Taking Flight: 16-Year-Old Ella Yelich-O’Connor vs. Lorde, Popstar

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By Caitlin White

Ella Yelich-O’Connor is a sixteen year old girl who has never left New Zealand—but she's also a singer/songwriter that goes by Lorde, and is on the cusp of becoming one of the world's major pop stars. The strange, unsettling combination of these two extremes makes her daily life almost as compelling as the soaring music on an initial, brief EP that propelled world-wide interest in the young artist.

As Ella, she attends a school called Takapuna Grammar School in Belmont, Auckland and deals with her gossipy peers. As Lorde, she's been working with Universal for the past few years to develop her sound and artistic vision. A&R scout Scott Maclachlan saw a video of her from a talent show and immediately signed her to Universal at 12. Since then, the Ella/Lorde dichotomy has been developing, and it's apparent from even a phone conversation that the teenager feels the split within herself already.

At moments she's recounting the annoyances of high school, and then, without warning, she'll slip into a powerful monologue about the perils of worshiping wealth and the facade of fame—a topic that is addressed at length on “Royals,” her outstanding, chart-topping single. The reflections of a girl raised on Drake, Lana Del Rey, Kanye, and Burial settle alongside the influence of her literary mother’s muses—Raymond Carver, T.S. Eliot, Alan Ginsberg and Ezra Pound. The result is a gloriously self-aware, powerful and innocent voice—Lorde is a songwriter and a siren, and she does both incredibly well.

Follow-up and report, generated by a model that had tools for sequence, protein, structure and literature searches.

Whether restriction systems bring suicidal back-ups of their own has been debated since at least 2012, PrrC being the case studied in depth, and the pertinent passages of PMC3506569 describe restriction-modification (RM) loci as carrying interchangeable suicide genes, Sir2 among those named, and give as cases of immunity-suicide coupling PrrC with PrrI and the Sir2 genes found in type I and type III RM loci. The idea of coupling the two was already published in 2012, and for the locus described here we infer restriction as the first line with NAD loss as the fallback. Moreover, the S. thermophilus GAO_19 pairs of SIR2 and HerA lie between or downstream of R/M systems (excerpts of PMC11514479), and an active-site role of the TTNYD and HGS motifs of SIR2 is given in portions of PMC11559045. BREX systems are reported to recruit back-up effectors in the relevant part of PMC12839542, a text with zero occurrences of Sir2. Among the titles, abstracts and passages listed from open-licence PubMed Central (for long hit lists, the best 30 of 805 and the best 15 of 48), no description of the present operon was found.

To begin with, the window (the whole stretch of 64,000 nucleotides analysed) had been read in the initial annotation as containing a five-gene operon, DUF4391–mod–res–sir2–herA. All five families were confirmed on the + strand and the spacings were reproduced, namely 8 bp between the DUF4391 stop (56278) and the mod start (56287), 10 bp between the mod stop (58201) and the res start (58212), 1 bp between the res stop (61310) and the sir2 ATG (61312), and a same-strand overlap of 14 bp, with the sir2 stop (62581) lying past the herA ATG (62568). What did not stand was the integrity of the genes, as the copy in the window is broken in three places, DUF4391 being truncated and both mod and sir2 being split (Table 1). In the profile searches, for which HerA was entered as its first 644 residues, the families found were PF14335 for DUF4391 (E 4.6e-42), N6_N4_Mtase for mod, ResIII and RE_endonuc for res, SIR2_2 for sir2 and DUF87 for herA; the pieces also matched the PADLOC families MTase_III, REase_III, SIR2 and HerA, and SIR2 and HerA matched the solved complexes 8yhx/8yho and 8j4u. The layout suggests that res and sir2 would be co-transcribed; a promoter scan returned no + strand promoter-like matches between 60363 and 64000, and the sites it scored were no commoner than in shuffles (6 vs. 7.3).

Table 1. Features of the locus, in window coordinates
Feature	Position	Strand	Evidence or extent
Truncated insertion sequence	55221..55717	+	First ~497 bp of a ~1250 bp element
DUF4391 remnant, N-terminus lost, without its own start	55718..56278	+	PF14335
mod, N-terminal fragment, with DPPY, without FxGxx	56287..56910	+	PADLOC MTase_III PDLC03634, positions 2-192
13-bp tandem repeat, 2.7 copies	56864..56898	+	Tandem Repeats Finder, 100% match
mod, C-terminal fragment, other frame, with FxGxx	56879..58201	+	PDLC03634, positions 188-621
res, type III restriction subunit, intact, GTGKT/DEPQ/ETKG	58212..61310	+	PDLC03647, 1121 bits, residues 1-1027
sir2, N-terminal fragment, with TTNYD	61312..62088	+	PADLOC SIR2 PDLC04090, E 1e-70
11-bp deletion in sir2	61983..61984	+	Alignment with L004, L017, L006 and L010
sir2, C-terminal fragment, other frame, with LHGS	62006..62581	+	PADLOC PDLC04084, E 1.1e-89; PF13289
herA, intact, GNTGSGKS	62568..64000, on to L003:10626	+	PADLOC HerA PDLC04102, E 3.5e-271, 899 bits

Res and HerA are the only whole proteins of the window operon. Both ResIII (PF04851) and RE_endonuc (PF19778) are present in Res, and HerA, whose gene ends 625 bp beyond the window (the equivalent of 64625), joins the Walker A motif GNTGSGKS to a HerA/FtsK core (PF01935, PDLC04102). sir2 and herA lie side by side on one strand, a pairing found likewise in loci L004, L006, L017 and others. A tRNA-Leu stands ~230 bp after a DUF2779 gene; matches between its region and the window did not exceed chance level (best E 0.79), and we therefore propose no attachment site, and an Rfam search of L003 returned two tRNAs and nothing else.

"The usual formula of pretty girl, gorgeous voice and label grooming didn’t work for Ella or for Lorde. Although Universal originally paired the teenager with a team of songwriters, it was only by insisting on independence that her initial EP The Love Club emerged."

"So I guess I was about 12 or 13 when I first started writing songs on my guitar,” she said over a crackling phone line, and deciphering her thick Kiwi accent through a haze of international static was a task in itself. “I just kept going and got better. I started writing more and I got the EP written—that was kind of when it started clicking for me and started making sense."

But the usual formula of pretty girl, gorgeous voice and label grooming didn’t work for Ella or for Lorde. Though universal originally teamed her with a host of song writers in an attempt to go the purely manufactured route, the singer's determined organic style developed from a more fluid collaboration. Once Ella teamed up with producer Joel Little, her initial EP The Love Club emerged, and these queenly, jubilant songs fully establish her songwriting voice.

“It’s completely collaborative. I have listened to a lot of electronic music, and developed a real taste of exactly what I wanted in terms of production. Joel is the official producer and often we don’t see eye-to-eye, but I always get what I want at the end of the day,” she laughed.

His expertise seems to be an important influence on the young singer though, who transitioned from writing songs on her guitar to these full-fledged, lacquered tracks. Little may be a key ingredient, but sonically and lyrically, the songs bear Ella’s fingerprints. This initial EP is stippled with existential questions, preternatural wisdom, and vocal swells that manifest both in fleets of harmonies and her unaccompanied voice, carrying the willowy melodies solo. Embedded in a foundation of synth loops and whorls, the decisions still feel fresh and imaginative—this sixteen-year-old is inventing her sound with an ease that’s fascinating.

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